The European Commission (EC) Thursday signed the agreement that will seal the agreement to acquire 1.8 billion doses of Pfizer.
This already was announced in April with Pfizer-BioNTech to buy 900 million vaccines against the coronavirus between the end of 2021 and 2023, with the option of an additional 900 million, according to the Community Executive.
The agreement stipulates that from 2022 the delivery of vaccines is guaranteed, requires that their production is in the European Union (EU) and that the essential components to manufacture it are also obtained in community territory.
It also reinforces the possibility that EU countries currently have to resell or donate leftover doses to third countries or through the COVAX initiative.
“ Production and delivery to the EU of up to 1.8 billion doses are guaranteed. Potential contracts with other producers will follow the same win-win model, ”wrote the president of the EC, Ursula Von der Leyen, on her official Twitter account.
Health Commissioner Stella Kyriakides added that it is necessary to “stay one step ahead of the virus.” “This implies having access to adapted vaccines to protect against the threat of variants,” he added.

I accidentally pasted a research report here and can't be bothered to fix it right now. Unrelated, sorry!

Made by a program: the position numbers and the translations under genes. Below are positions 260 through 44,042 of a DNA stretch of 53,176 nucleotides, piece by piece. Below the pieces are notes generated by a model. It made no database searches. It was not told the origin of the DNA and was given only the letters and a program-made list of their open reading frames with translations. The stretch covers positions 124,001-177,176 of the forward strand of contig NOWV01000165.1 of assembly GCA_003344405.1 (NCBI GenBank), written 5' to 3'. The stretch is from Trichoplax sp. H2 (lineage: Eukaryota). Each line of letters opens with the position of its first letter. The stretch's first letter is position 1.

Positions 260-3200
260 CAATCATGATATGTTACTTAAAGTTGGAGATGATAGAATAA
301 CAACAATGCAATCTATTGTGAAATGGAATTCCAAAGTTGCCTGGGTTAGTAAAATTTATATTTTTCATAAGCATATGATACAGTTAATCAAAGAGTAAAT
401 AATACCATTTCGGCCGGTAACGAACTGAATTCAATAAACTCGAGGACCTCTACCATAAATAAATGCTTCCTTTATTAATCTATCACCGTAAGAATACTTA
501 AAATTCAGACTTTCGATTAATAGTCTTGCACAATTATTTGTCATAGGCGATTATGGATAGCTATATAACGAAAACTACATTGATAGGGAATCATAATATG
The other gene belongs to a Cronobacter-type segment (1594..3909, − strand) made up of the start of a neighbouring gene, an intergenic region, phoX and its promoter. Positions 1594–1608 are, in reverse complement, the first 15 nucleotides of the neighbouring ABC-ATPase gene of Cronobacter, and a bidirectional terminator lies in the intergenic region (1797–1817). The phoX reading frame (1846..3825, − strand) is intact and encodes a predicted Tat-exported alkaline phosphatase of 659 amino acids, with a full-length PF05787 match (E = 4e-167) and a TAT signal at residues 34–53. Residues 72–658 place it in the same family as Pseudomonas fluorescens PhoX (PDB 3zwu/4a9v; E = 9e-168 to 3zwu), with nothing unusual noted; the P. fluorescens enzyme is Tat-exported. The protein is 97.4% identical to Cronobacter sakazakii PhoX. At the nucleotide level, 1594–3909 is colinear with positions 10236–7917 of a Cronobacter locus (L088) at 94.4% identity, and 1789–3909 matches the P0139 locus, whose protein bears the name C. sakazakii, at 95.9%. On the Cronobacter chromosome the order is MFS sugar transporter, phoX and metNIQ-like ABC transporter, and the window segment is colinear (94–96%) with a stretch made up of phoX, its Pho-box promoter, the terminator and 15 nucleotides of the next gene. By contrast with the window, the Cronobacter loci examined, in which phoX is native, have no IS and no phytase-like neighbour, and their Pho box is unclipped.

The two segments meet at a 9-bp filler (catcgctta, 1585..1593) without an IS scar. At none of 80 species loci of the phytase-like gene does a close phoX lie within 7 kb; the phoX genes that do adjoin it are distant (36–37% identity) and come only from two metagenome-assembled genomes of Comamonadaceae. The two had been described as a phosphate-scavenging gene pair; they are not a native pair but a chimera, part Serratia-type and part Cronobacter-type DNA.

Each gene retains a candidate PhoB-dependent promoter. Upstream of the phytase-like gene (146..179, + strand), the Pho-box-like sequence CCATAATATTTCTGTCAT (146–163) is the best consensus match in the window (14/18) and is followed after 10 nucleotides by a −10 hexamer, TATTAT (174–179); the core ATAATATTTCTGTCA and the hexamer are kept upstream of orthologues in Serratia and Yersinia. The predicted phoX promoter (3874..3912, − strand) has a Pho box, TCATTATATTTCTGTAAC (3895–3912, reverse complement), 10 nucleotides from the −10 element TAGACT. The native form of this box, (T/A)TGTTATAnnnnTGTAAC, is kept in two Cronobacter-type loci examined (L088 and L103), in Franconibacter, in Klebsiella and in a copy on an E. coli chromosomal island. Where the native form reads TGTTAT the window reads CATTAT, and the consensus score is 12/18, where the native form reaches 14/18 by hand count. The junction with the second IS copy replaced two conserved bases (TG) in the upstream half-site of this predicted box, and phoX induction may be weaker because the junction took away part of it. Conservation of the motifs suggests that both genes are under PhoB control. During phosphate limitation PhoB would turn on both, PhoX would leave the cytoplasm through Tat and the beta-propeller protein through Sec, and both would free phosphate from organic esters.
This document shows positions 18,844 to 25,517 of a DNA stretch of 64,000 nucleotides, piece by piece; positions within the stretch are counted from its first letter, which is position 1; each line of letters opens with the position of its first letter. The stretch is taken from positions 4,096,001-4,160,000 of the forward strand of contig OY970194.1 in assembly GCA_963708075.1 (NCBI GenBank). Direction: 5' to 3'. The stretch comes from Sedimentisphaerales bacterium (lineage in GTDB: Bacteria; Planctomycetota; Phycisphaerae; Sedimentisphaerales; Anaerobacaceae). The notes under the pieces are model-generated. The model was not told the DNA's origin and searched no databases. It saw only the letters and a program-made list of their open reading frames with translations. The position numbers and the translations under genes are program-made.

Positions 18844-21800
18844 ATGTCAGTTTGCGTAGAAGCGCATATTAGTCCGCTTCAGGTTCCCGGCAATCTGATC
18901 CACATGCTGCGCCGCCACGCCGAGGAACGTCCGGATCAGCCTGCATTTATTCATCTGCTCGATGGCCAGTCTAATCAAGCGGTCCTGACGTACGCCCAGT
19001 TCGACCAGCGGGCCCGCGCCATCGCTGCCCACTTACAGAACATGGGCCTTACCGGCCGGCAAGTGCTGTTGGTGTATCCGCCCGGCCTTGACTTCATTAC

When he announced the agreement, Von der Leyen said that Brussels had opted to renew the agreement with Pfizer-BioNTech because of the guarantees it offers in compliance with the current contract and because its vaccine is based on the new messenger RNA technology.
The objective is to have enough vaccines to be able to combat the variants and to be able to face the vaccination of minors, as well as to have a possible third dose in the coming years.
On the other hand, Von der Leyen assured that by the end of this week the European Union will distribute a total of 260 million vaccines that are already available, and described the immunization campaign as a “success”.
“In this way, half of the adults in Europe can be vaccinated, ” said the German, who acknowledged that although at the beginning of the vaccination the EU was able to observe countries such as the United States or the United Kingdom “with envy”, which What matters is “the big picture.”
The president of the EC affirmed that 200 million Europeans have already been inoculated and insisted that the advance that other countries initially had over the EU in vaccinating against the COVID-19 disease must be “relativized”.
Von der Leyen defended that the EU managed to recover the initial delay in vaccinations and insisted that it has not only managed to supply doses for its own population, but also to export (about 260 million) to other countries.
“We have to be proud,” insisted the official, while ensuring that the EU is willing to “make easier” the transfer of knowledge in relation to the manufacture of vaccines, although it did not pronounce on the possibility of a temporary suspension patent.
(With information from EFE)